Academic Read #10: A “Normal” Freshman Year

From our Statement of Affirmation: Gonzaga identifies with the Catholic Social Teaching, which recognizes that “The common good and a just society cannot be attained without working to positively impact the state of the poor, the vulnerable, and those marginalized by society at large.

           I’d like to think my freshman year was normal enough. I had to deal with the same things as most of my peers: balancing friends, classes, clubs and activities. It was hard, and there isn’t much you can do to prepare for it. While my freshman year felt just like everyone else’s, it was completely different and unique. I never could have known the things that awaited for me.

Just about a year ago today I sat down with my parents and decided that I was going to Gonzaga. This was very exciting for my family and I— I am a first generation college student. Upon arriving at Gonzaga for Orientation Weekend, I was slammed with all sort of things to do and be involved in. It was overwhelming. After the next couple of weeks passed, I began to find a groove of what I would do day to day. But after some time I felt I grew too complacent with my life too quickly. I saw my peers continuing to join new clubs and signing up for activities every day. I grew jealous and wanted to find more for myself. I sat in my room I thought of new things to try, but I had trouble discovering what I wanted. One night I walked into the common room and saw on my RA’s whiteboard “Mission Possible Sign-up: 7:00 am”I said, “Okay.”

Mission Possible is an alternative spring break trip that has nine different locations where groups of students are sent. We work with all kinds of communities, varying from homelessness, construction sites, developmentally disabled, and many more impactful causes. I called my parents and told them I wouldn’t be coming home for spring break, but leaving on a trip somewhere in the country. I woke up early the next morning, secured my spot on a trip, and after weeks of waiting I found out I was leaving for Tacoma, Washington with a group of students I had never met before. Needless to say, I was terrified.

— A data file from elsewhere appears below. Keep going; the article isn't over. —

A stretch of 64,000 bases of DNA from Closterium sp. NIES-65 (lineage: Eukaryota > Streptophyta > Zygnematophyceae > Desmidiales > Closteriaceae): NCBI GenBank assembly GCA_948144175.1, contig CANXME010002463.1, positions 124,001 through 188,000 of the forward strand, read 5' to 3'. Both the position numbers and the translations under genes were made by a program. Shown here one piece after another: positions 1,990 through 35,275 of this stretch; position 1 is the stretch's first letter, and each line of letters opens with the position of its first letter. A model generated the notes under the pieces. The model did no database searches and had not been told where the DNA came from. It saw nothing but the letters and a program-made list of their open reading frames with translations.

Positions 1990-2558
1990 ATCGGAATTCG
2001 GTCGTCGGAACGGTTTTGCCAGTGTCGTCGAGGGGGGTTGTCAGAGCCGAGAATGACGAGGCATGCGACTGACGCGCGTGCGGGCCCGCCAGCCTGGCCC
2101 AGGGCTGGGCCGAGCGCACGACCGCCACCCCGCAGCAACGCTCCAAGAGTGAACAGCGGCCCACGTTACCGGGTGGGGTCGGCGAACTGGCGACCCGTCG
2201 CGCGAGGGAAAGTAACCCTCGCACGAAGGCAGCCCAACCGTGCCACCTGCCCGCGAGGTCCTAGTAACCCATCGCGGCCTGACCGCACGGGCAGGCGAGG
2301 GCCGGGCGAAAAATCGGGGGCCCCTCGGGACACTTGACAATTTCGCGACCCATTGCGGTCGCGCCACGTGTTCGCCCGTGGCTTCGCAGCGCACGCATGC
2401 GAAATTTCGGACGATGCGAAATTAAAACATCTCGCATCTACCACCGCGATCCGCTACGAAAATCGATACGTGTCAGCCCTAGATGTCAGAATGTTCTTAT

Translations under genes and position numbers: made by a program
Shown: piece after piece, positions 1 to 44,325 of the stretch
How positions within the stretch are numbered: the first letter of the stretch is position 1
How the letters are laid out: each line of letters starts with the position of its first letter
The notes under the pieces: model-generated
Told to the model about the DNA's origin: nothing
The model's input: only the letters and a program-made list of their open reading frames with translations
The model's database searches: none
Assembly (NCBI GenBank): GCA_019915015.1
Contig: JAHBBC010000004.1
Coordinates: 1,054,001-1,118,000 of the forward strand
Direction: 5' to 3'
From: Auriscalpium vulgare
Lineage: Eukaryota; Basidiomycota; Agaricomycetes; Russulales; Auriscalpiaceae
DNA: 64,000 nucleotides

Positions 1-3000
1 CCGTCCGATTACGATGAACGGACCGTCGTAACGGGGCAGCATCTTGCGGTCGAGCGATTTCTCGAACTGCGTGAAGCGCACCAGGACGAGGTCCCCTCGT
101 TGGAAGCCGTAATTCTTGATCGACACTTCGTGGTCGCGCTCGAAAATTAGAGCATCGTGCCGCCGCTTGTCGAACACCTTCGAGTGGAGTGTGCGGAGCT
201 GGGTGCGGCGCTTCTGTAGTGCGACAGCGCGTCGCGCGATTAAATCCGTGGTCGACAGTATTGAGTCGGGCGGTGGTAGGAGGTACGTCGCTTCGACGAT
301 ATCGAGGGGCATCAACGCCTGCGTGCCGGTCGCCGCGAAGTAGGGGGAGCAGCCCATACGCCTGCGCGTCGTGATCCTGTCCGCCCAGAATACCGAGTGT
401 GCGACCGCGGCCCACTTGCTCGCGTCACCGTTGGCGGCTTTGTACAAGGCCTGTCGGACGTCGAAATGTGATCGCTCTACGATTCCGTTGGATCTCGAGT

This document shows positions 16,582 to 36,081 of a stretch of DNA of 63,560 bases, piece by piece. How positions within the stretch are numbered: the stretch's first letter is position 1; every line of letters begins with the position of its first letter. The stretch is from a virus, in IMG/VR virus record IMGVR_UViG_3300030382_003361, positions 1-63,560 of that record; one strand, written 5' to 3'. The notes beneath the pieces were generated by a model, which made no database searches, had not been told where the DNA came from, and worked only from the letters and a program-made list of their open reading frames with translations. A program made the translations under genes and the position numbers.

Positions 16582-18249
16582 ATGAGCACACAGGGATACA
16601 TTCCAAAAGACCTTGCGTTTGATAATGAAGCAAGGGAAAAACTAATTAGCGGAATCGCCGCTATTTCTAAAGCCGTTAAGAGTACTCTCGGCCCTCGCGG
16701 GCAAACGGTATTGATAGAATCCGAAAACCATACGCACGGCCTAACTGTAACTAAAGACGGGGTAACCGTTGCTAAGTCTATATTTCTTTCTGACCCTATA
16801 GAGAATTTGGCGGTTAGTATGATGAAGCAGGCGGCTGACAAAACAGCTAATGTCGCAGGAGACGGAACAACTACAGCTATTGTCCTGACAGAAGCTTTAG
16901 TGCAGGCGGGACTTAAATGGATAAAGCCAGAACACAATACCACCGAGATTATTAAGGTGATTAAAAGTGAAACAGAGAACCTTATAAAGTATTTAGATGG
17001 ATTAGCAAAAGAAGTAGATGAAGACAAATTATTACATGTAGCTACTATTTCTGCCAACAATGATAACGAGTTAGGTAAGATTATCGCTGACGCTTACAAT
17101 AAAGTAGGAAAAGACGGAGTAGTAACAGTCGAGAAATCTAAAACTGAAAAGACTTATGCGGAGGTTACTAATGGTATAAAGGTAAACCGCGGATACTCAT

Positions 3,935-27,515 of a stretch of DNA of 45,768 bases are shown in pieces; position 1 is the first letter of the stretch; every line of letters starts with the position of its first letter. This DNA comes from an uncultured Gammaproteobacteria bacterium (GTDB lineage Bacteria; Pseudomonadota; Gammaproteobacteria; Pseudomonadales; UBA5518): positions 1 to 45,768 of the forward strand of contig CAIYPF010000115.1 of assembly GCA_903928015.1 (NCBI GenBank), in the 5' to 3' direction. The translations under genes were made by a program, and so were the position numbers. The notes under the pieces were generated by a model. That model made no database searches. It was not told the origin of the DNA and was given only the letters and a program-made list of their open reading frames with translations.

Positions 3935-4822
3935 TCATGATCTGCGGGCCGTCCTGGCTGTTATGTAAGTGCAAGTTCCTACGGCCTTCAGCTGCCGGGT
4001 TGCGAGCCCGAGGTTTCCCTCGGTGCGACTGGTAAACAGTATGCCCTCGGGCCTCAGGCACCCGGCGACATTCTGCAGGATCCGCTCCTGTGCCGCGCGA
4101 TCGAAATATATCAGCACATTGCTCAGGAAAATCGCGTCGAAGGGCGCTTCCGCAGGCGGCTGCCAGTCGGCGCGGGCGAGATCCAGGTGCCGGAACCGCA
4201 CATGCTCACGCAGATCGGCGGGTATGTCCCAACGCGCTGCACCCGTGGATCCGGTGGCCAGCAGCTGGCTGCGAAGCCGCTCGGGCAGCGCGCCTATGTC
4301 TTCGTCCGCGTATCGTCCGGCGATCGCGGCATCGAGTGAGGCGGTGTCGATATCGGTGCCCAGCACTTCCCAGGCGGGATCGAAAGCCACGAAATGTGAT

Once the trip was about to leave, I had learned most of their names, but they still felt like strangers to me. However, I didn’t let that stand in the way of the personal goal I had set for myself. Before the trip I told myself, “Whatever happens or however this turns out, I want to give myself to this trip for one week.”I shared this goal with the rest the group before we left and I felt it ignited something inside all of us to not just go on this trip, but be a part of it. While we were there, we strived to simply absorb everything. The biggest thing I took away from the trip were the lessons about service. I had never done anything like this before and could go on for hours about what I learned and the experiences I had, but that is for you to experience for yourself.

At the end of the trip I left with new perspectives and thoughts that I had never experienced before. As well as coming home with twelve other students I now consider some of my best friends. The spark I had ignited in the beginning erupted into a flame. I wanted more: more service, more community, more experiences. I began to jump in wherever I could with GUSR, GU Outdoors, or GUTS. Whatever I wanted to do I was no longer afraid to do it. It took me half of my freshman year to figure that out, so I hope to inspire you to make the most of your freshmen year from the very beginning. Don’t be afraid to try something new, it doesn’t matter if it sucks and you hate it, at least you tried. Gonzaga has so much to offer, so please don’t let it pass you by!

Zack Rosse is current Gonzaga  sophomore studying Civil Engineering. He is also an Orientation Leader, participates in GU Outdoors, and GUSR.

IGNITE Question: Like Zack, we at Gonzaga strive to combat becoming “too complacent with life too quickly.” What will motivate you to challenge yourself and leave your comfort zone?

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